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From postmortems a livelihood springs

An ex-coroner's investigator performs private autopsies. His side businesses include prop rentals for TV and films.

April 07, 2008|Molly Selvin | Times Staff Writer

Vidal Herrera has heard every joke about death.

But death has been a godsend to Herrera, who runs three growing businesses out of a gray, two-story building along a dreary El Sereno strip of auto body shops and small warehouses.

After a back injury ended his career as a deputy field investigator for the Los Angeles County coroner's office, Herrera started, performing private autopsies, DNA tests and other forensic services. So successful, he turns away business at times.

A collector of antique morgue and mortuary equipment -- yes, he acknowledges it's an odd hobby -- Herrera created a thriving studio rental business,, after a friend gave his name to a TV production staffer searching for props. His "fully dressed" morgue studio, embalming tables, body crypts and other equipment have been featured on "CSI," "House," "Law and Order" and several other TV shows and movies.

Ever the entrepreneur, Herrera launched his third venture last year,, recycling damaged or used coffins into glitzy special-order couches -- high-style macabre for the biker and Goth crowd.

"Death maimed me, death sustained me, and death motivates me," the stocky 55-year-old reflected. Also motivating Herrera is his entrepreneurial spirit and willingness to take chances.

His autopsy business was born of desperation after Herrera ruptured three discs in 1984 while moving a 284-pound suicide victim. Repeated surgeries and rehabilitation sidelined him and for years he was unable to sit or stand for more than 15 minutes at a stretch.

When Herrera explained his physical limitations "nobody gave me a job."

A stint as a contract employee retrieving tissue for Veterans Administration researchers sent him to local funeral homes. There he met grieving families anxious to know why their loved one died, and an idea was born. He founded in 1988, which brings in annual revenue in the "low $600,000 range," and opened franchises in Orlando, Fla., Northern California and Las Vegas, with others to come.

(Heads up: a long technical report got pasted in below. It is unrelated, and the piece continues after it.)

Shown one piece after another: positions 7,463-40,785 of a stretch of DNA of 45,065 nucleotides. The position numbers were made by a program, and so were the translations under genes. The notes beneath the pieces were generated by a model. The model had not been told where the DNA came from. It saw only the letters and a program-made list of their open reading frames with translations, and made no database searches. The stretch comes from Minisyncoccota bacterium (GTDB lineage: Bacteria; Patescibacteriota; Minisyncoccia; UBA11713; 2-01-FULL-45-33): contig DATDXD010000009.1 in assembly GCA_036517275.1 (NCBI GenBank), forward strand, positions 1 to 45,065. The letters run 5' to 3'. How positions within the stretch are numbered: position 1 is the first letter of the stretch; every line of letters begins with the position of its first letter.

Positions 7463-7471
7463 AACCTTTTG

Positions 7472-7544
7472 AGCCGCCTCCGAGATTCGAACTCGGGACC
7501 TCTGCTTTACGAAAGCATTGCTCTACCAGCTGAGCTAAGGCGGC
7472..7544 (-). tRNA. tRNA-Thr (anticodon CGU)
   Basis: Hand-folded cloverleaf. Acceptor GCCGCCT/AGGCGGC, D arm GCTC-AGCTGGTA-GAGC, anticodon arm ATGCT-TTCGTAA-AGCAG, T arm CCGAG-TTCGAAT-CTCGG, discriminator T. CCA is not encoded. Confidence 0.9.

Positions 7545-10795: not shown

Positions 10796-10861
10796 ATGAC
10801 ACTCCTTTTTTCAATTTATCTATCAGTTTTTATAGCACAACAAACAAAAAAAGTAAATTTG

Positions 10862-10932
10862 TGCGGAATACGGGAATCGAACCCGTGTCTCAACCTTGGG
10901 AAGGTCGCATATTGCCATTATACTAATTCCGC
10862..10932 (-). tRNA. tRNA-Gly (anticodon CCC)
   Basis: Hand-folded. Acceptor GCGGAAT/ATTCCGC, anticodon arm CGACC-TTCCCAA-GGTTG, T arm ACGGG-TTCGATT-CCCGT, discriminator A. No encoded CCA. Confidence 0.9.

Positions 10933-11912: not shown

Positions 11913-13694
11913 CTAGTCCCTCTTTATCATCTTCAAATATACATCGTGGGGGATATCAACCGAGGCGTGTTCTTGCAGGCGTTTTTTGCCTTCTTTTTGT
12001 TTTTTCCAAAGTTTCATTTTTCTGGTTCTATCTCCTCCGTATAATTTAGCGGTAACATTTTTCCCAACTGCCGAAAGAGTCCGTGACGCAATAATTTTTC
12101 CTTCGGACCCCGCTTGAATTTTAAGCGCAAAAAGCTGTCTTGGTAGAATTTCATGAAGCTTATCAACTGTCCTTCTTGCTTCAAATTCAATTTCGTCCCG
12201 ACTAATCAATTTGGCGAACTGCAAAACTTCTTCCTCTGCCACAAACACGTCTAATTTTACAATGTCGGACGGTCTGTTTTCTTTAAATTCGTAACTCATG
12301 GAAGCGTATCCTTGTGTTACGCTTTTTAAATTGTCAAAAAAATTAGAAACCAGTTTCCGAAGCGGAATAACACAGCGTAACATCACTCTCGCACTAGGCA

Close to 180 people die every day in Los Angeles County, Herrera said, but the coroner investigates only a fraction of those deaths, generally when foul play is suspected.

Herrera's customers usually call with other concerns. Adult children want to confirm their father's diagnosis of Alzheimer's disease to allay or confirm fears they'll inherit the ailment. A hospital needs tissue for research or a widow, contemplating litigation, wants to know whether a defective pacemaker caused her husband's death.

Business has grown by word of mouth, still his major form of advertising other than the shiny white Hummer emblazoned with the company's logo and vanity license plate "yspotua" -- "autopsy" spelled backward.

That sense of whimsy pervades the company's office along with the whiff of disinfectant. Trophies won by the North Hollywood baseball team Herrera sponsors -- "The Stiffs," of course -- a skull wearing a Mickey Mouse hat and a string of red chili pepper lights decorate the walls.

Herrera's staff of four full-time employees and two part-timers perform about 700 procedures a year, including autopsies and brain and tissue retrievals. Costs range from $1,500 to $3,200. The autopsy costs include services of a pathologist who by law must be present.

Adult children and ex-wives fighting over a deceased's estate have turned DNA paternity testing into a lucrative sideline. For $900 plus the cost of exhuming and transporting the body, Herrera will recover bone marrow, hair or teeth and send the samples to a lab for testing.

The public fascination with crime shows that has generated a growing volume of calls to also led Herrera to found The 3-year-old business generates about $100,000 annually from shows that rent out his replica autopsy room -- next door to the real one -- as well as individual items, including dissecting tables and anatomical charts.

Autographed posters from dozens of TV shows and movies -- his current and former customers -- line the hallways in Herrera's building., also the result of serendipity, started last year when someone asked Herrera whether he would fashion a one-of-a-kind seating arrangement. He now buys up defective models or coffins discarded when family members change their minds about where Mom or Dad should rest in perpetuity. He cleans them, cuts them apart, adds legs and custom upholstery. Customers can pick from Dodger blue, cowhide and pink naugahyde, among other coverings.

The sideline is still an experiment, he said; so far he's sold two couches at $3,500 each and has orders for more. To drum up business, Herrera trucks the couches to motorcycle and RV shows, figuring those folks are his target market. If the novelty item catches on, he'll make more; if not, he'll move on.

Herrera attributes his success to a hardscrabble childhood, lifelong passion for business and a willingness to take chances.

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